The Collected Doug Wright, Canada’s Master Cartoonist — 1949-1962

May 25, 2009 | Trades

It seems like well over 50 per cent of the life of any parent of young kids is spent either apologizing for their antics or cleaning up the resulting debris.

Oh, and yelling (in spite of your best intentions and everything modern parenting gurus everywhere preach).

Pouring over the timeless, wordless comic strip gags in The Collected Doug Wright, Canada’s Master Cartoonist — 1949-1962 (Drawn & Quarterly $39.95, 242 pages) certainly hammers these truths home and highlights a few more.

Wright’s classic comic strip, Nipper, which began appearing weekly in 1949 in the Montreal Standard Magazine and later evolved into the much-beloved Doug Wright’s Family in the Star Weekly/Canadian Magazine, depicts the ongoing mischievous adventures of a young boy determined to explore every aspect of chaos in his house, yard, neighbourhood, etc. at the price of his parents’ wits. It also does a masterful job of highlighting the glee with which kids humble, hurt and humiliate their parents with great regularity.

Perhaps the most remarkable thing about Nipper’s initial success is the fact that Wright’s knack for capturing the precociousness of kids came before he had any of his own (the first of his three sons was born in 1953, adding even more realism and depth to the strip in subsequent years).

This first volume of a two-book set, assembled by award-winning Canadian illustrator and designer Seth, featuring an insightful and comprehensive biography by journalist Brad MacKay and an introduction by Lynn Johnston, creator of For Better of For Worse, is a breathtaking tribute to Wright’s sizable artistic skills.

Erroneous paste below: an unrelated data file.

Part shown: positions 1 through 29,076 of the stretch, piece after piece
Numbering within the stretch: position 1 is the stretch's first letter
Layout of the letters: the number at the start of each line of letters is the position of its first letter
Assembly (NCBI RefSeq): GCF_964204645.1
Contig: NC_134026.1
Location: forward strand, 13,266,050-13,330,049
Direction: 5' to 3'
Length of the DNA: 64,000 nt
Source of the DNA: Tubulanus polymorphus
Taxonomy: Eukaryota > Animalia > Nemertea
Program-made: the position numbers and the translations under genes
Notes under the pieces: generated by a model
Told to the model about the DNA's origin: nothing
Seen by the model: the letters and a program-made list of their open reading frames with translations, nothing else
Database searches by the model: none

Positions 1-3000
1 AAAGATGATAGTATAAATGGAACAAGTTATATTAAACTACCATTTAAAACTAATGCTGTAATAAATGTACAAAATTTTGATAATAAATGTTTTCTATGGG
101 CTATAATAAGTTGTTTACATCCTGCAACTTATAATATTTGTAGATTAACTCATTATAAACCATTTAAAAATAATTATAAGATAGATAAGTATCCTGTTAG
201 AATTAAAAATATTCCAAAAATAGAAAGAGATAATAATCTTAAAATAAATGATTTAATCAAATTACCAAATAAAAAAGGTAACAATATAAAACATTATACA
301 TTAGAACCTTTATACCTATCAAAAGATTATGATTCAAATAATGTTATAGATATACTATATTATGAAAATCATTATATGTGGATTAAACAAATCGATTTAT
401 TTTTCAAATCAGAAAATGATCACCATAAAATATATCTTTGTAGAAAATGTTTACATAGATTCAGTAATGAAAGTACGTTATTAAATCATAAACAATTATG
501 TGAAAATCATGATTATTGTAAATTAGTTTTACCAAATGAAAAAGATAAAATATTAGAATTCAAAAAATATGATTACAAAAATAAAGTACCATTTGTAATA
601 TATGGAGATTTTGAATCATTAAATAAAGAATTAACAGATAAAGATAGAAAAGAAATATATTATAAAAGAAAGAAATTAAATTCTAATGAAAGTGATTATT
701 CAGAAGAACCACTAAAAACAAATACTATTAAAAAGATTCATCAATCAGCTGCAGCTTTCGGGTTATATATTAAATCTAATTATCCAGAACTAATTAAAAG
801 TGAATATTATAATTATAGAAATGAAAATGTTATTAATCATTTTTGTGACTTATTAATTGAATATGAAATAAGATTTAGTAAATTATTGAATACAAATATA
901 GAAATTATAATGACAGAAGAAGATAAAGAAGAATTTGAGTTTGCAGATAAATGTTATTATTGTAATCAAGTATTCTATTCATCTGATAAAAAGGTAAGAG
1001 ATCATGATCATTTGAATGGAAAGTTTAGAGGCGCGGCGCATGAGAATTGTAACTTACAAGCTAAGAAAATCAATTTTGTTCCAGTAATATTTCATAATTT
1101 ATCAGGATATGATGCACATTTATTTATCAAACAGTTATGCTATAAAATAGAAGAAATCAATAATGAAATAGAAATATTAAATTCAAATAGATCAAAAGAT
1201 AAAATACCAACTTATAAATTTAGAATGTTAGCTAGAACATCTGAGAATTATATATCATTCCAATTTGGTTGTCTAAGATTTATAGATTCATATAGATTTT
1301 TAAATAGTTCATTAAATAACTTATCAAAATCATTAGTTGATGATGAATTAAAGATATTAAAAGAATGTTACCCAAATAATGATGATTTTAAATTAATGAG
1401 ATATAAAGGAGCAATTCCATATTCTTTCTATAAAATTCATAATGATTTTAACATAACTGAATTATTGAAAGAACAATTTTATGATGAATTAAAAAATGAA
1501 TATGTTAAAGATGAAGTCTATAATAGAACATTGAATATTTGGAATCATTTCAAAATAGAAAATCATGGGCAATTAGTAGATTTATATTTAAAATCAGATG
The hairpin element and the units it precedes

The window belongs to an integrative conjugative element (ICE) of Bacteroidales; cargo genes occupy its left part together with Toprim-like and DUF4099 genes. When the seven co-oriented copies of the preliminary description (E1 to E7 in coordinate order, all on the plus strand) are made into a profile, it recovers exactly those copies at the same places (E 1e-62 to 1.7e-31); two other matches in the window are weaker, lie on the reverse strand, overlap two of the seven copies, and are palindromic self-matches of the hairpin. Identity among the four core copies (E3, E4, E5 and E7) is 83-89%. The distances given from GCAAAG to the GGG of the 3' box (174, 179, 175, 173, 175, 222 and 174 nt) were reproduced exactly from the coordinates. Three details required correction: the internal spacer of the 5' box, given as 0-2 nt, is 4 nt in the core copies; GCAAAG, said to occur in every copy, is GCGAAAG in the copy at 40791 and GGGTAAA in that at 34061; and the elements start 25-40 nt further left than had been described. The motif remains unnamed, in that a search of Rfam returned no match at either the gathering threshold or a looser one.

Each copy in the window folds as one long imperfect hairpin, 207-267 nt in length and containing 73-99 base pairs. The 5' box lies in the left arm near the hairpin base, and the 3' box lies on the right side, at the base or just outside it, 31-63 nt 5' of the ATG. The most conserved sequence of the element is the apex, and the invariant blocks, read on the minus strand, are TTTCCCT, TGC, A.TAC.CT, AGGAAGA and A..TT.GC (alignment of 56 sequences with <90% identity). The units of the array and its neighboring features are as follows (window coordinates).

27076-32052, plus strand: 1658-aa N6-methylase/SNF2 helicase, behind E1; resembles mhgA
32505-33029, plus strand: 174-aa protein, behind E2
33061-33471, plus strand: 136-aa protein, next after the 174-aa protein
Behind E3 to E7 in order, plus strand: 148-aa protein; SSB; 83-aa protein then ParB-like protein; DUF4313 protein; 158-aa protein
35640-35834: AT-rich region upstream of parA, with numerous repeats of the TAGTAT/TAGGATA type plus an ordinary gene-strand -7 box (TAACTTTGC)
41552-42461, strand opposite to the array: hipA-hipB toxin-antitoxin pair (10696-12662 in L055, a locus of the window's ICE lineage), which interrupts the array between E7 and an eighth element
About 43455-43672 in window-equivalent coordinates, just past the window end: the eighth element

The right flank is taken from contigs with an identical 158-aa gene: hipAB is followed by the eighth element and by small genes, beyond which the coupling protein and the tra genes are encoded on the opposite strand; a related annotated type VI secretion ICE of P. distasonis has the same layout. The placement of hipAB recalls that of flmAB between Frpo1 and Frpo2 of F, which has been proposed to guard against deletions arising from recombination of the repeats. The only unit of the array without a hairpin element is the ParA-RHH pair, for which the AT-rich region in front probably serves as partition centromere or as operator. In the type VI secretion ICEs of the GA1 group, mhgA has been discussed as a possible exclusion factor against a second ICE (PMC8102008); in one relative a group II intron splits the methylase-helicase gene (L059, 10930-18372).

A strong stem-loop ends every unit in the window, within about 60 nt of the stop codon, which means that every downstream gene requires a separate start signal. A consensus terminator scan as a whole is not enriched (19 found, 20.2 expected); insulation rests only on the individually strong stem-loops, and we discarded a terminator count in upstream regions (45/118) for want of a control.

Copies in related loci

Included are some of Wright’s earliest drawings from his childhood in England to those from his first job — doing illustrations on staff newsletters for Electrolux — and work from the position that brought the artist to Canada as staff illustrator for Sun Life Insurance in Montreal in 1938.

Several of Wright’s cartoons for the RCAF service magazine, completed under the pseudonym “Ozzie,” and examples of his take on the rural-themed Juniper Junction, which he took over in 1948 from the late Jimmy Frise and continued for another two decades, show the artist’s diversity. But it is Nipper, the character that captured the zeitgeist of the late-40s baby boom, that gets most of the attention in this book.

From tipping an ashtray into his sleeping dad’s mouth to roaring around the house dragging the cat in a shopping bag to countless adventures that leave him covered head to toe in mud, the endearing little hellion almost always gets the last laugh in a wonderful collection of strips that truly stand the test of time.

(This review first appeared in the Toronto Star)

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